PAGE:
There are two major types of municipal bonds you should be aware of: general obligation and revenue.
General Obligation bonds are backed by the "full faith and credit" of the issuer (just like most other bonds). The key word is credit. The concept is very similar to your credit card. The banks don't really know if you're going to be able to repay...you got the card based on full faith and credit.
Revenue bonds are sold against the future revenue that a project will generate. If your project will bring in a revenue of $20,000 next year, you could sell a revenue bond for $10,000 and get some immediate funding. The bondholder would then have a claim on some of your future revenue.
Because of their unique tax status, the interest that you earn on a munis are almost always exempt from federal income taxes. If you live in the state that issues the bond, you're also exempt from state taxes!
And if you live in a city that issues the bond, you're exempt from city, state, and federal taxes! Not too shabby.
For revenue-based munis, the type of project being financed can also affect your taxes. Interest from bonds sold for "public good" projects or "qualified private activities" are usually free from federal taxes. Interest from munis issued for regular private sector projects are most likely NOT tax exempt.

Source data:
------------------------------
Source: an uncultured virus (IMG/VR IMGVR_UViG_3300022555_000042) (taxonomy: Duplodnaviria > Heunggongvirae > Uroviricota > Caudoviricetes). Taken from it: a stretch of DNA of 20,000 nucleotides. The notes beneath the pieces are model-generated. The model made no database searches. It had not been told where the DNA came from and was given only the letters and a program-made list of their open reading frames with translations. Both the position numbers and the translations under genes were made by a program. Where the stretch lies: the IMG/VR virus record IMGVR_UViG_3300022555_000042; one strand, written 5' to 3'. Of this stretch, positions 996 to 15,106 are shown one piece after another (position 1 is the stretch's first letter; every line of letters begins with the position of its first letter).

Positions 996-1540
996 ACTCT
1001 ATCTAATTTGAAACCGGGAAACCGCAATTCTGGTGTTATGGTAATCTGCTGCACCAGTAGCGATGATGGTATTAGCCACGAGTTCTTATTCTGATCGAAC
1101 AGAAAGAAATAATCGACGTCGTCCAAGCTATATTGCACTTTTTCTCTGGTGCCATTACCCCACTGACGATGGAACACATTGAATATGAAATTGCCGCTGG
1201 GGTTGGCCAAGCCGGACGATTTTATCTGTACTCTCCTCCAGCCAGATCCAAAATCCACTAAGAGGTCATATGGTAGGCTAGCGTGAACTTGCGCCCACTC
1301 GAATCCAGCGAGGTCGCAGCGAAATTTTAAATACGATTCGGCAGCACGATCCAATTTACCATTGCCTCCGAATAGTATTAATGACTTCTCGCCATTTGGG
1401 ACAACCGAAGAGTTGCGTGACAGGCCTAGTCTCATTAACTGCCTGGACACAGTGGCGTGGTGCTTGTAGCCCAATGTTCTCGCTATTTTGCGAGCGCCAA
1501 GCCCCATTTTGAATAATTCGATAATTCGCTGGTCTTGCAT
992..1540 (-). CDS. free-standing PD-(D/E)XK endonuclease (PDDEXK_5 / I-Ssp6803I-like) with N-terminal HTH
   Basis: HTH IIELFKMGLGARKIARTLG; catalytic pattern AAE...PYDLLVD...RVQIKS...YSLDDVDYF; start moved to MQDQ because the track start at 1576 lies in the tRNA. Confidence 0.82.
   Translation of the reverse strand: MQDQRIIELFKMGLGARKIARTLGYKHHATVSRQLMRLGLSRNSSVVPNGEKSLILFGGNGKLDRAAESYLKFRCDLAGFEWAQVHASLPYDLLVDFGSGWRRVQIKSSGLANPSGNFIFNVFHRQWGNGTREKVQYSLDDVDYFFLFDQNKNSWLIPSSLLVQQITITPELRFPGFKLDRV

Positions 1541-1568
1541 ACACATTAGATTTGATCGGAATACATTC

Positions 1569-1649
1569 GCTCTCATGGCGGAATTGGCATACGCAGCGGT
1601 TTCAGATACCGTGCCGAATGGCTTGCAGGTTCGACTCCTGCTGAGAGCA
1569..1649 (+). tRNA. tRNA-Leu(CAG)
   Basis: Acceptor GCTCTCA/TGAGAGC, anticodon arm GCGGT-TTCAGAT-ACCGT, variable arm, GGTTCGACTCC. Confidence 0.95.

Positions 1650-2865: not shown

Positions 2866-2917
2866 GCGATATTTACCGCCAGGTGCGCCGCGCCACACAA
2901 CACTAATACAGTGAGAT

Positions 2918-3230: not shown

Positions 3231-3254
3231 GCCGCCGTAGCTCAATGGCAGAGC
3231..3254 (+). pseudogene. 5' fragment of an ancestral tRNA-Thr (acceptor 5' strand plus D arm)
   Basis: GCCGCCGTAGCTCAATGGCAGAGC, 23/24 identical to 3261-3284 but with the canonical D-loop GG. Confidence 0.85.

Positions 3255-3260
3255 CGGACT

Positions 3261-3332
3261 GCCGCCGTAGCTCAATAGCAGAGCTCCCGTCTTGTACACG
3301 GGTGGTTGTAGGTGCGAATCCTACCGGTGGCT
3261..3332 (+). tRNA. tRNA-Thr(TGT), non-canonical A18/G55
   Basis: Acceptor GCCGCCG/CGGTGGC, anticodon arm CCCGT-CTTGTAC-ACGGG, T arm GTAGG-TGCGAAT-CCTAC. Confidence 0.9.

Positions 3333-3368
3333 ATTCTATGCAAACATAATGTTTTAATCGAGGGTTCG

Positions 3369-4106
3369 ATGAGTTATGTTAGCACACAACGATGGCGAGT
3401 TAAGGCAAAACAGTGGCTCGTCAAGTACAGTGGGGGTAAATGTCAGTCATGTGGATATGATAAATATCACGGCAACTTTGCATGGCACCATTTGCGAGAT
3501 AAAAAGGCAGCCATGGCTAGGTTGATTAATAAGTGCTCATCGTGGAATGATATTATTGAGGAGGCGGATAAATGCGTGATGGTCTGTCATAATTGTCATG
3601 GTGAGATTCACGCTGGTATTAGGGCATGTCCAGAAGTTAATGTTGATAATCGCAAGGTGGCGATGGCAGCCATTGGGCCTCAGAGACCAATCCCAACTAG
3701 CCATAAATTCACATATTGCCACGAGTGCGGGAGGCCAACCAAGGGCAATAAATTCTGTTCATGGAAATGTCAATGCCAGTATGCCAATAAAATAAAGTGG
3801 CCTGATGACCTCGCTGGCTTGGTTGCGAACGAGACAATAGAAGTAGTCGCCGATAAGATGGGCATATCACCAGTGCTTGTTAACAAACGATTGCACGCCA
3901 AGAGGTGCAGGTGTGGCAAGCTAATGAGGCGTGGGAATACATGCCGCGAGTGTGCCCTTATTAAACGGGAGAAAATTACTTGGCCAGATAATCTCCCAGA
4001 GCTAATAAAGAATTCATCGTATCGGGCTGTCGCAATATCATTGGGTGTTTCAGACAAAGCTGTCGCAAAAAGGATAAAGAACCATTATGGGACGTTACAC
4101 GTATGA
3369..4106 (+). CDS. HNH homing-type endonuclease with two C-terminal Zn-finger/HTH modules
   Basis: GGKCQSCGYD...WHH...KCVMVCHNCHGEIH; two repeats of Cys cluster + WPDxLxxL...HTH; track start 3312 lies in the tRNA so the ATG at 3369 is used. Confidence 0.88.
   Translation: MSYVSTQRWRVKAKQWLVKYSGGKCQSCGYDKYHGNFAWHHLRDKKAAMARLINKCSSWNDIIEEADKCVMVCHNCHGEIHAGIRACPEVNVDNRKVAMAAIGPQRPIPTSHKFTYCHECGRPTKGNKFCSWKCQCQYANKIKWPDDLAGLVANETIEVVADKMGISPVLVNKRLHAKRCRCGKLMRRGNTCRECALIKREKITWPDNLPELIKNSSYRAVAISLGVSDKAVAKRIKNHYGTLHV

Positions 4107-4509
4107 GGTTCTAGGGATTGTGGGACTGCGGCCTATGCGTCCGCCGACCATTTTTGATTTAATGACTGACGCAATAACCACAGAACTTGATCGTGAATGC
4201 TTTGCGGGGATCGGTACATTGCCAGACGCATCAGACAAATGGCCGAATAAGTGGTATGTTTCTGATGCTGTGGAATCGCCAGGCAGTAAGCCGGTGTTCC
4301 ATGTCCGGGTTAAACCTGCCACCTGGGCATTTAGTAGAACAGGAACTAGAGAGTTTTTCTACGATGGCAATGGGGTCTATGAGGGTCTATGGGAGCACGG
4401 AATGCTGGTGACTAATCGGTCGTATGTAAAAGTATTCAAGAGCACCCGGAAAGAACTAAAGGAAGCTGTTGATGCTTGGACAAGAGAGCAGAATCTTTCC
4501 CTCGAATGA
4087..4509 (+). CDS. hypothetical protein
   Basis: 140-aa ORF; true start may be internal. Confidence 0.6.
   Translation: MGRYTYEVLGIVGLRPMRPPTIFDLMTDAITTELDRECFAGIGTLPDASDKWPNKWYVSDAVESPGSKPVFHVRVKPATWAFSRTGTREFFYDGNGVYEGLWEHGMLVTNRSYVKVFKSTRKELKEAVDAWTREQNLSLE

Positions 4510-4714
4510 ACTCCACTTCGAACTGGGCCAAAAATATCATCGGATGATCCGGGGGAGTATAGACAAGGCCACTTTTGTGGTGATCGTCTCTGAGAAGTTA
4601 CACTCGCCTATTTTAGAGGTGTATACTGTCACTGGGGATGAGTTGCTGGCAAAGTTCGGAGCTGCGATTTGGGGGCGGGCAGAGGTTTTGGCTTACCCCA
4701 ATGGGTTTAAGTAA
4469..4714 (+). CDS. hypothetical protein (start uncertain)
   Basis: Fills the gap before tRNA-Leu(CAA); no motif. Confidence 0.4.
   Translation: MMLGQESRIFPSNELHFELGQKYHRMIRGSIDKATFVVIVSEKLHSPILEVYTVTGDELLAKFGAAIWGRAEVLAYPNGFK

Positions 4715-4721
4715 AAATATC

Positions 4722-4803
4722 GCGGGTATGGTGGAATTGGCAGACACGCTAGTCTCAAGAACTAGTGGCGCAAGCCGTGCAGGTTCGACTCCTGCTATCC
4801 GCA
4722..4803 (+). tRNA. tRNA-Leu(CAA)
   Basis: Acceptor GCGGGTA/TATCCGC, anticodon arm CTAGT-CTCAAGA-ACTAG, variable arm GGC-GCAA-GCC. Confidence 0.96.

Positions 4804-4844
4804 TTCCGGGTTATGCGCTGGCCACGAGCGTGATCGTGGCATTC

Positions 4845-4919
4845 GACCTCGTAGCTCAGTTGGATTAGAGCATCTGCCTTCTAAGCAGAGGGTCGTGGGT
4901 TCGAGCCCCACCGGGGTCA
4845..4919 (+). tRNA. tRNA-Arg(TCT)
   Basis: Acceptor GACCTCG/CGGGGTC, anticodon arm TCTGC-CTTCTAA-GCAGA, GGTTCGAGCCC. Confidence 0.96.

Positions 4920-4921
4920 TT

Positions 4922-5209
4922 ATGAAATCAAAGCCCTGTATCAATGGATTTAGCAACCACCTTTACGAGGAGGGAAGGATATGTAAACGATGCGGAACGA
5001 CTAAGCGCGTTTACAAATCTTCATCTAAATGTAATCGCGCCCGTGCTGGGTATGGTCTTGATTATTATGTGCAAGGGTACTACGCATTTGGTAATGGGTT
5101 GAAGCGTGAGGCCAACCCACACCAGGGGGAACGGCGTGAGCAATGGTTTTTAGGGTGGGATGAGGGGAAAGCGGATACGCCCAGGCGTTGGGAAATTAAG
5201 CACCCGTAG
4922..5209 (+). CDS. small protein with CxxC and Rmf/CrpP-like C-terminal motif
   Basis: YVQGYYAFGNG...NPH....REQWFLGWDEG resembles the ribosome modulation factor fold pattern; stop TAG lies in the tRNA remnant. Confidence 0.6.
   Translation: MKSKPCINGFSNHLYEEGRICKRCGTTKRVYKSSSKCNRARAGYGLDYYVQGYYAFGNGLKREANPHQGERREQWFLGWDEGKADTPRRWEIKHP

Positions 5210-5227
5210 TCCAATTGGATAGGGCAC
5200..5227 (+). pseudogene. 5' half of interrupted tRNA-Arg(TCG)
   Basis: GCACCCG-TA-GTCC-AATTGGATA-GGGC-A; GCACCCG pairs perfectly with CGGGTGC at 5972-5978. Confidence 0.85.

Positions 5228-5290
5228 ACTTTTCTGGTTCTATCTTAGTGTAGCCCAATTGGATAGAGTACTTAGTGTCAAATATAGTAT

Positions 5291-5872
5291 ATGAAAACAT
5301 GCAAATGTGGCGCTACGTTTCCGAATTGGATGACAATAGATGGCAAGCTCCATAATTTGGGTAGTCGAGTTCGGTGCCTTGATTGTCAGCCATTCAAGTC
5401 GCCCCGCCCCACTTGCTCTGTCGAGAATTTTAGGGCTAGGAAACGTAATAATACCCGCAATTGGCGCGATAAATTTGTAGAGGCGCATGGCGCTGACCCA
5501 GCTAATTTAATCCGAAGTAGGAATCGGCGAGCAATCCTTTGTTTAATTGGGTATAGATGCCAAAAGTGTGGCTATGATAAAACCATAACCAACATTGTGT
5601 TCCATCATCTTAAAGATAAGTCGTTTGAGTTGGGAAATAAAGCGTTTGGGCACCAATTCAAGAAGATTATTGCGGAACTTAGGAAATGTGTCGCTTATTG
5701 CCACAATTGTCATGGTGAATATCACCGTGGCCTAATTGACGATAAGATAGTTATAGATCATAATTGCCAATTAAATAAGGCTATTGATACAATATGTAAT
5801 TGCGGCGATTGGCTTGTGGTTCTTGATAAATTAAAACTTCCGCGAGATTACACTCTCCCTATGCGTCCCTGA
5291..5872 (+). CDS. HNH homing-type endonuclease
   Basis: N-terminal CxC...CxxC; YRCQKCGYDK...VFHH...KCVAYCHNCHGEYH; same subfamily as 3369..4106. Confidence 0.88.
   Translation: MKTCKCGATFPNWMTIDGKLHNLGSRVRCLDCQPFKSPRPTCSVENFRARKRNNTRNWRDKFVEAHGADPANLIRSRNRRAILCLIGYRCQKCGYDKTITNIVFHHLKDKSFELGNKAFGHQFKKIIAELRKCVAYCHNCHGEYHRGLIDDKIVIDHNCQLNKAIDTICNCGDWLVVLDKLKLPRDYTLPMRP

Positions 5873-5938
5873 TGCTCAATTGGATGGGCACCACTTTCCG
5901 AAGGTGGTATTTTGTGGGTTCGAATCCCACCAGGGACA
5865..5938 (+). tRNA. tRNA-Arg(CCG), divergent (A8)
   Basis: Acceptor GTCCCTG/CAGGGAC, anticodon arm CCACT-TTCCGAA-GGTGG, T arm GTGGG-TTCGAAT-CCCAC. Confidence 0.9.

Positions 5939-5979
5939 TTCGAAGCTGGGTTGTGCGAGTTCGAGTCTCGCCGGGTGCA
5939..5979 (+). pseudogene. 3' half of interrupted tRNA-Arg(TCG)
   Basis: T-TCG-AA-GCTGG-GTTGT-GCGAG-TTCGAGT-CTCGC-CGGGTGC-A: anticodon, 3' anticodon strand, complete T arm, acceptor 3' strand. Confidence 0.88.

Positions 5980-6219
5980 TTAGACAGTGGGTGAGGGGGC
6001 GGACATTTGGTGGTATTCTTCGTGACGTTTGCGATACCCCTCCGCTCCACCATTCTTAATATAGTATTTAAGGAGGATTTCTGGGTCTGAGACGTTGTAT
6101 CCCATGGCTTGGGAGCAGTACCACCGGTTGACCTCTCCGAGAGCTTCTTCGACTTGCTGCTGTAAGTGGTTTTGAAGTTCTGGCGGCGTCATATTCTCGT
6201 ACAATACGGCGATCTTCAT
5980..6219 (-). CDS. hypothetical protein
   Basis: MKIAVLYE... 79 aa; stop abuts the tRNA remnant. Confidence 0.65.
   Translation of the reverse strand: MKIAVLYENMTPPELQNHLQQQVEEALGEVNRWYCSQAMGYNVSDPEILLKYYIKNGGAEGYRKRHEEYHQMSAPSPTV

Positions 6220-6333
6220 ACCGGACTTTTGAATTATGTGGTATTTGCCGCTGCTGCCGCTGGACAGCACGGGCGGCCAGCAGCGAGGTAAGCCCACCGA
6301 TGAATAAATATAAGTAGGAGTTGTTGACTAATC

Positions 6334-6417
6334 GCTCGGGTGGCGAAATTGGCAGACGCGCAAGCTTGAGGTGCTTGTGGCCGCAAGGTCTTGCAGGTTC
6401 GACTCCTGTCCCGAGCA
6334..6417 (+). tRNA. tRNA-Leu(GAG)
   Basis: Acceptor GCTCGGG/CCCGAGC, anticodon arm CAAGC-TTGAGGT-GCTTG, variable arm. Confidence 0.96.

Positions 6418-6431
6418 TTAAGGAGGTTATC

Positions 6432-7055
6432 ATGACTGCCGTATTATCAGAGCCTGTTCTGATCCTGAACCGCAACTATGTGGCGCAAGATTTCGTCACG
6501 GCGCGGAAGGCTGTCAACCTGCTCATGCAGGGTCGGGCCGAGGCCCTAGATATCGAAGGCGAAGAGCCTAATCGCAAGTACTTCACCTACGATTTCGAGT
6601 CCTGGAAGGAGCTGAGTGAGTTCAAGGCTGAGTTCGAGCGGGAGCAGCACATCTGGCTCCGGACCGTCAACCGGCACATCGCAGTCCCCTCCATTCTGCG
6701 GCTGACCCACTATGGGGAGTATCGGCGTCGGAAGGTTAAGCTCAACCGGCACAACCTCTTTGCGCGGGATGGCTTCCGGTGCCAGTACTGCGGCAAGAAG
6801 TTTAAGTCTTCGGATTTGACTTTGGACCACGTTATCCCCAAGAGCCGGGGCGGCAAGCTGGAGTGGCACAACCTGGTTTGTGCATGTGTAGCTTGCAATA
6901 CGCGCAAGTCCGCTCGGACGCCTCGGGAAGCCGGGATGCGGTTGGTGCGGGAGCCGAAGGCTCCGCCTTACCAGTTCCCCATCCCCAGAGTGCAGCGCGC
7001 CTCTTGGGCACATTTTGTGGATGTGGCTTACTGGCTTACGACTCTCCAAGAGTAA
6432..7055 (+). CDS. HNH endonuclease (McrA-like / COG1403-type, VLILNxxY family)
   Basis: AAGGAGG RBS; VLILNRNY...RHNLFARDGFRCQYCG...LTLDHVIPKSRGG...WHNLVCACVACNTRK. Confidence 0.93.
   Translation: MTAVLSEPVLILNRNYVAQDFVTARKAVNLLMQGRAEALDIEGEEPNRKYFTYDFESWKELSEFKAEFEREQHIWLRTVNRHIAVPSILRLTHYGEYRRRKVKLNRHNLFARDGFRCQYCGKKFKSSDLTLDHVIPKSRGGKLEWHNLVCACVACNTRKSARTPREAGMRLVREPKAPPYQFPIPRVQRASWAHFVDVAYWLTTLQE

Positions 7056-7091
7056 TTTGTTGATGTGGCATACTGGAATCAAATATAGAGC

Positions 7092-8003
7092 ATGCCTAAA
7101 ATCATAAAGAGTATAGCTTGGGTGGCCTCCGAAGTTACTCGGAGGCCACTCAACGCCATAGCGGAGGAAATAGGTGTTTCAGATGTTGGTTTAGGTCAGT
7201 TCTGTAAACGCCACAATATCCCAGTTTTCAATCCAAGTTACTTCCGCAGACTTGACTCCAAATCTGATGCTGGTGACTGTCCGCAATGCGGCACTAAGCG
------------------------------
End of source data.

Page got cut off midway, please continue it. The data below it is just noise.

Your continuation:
Notice I said ALMOST always tax exempt. Certain restrictions do apply, and some munis are subject to the alternative minimum tax. Make sure you check all the facts before buying any investment.
When you're comparison shopping, keep in mind that comparing the coupon rates of muni's (and other taxable bonds for that matter) can be misleading.
Taxes will end up reducing the net income on taxable bonds. This means that a tax-exempt municipal bond has a higher after-tax yield than a corporate bond with the same coupon rate.
Muni's typically have a longer time to maturity that other types of bonds. On the upside, interest rates are typically higher than CDs, Money Market Accounts, etc. On the downside, these bonds are harder to buy and sell (i.e. they're less liquid).
Normally, the probability of a local government body defaulting (being unable to pay off loans = bankruptcy) is very low. "Very low" does not mean that it cannot or will not happen; there are many state and local institutions that struggle to maintain a balanced budget.
When a local governments balance sheet is bad enough to catch the eye of a bond rating agency, a municipal bond's rating might be lowered.
If that happens, the local agency may have to raise rates in order to attract investors. Or, they could lower the price and keep the rate the same.
Municipal bonds typically require a minimum investment of at least $5,000. If you're worried about the price tag, check out "mini-munis". They are designed for bond investors with smaller budgets.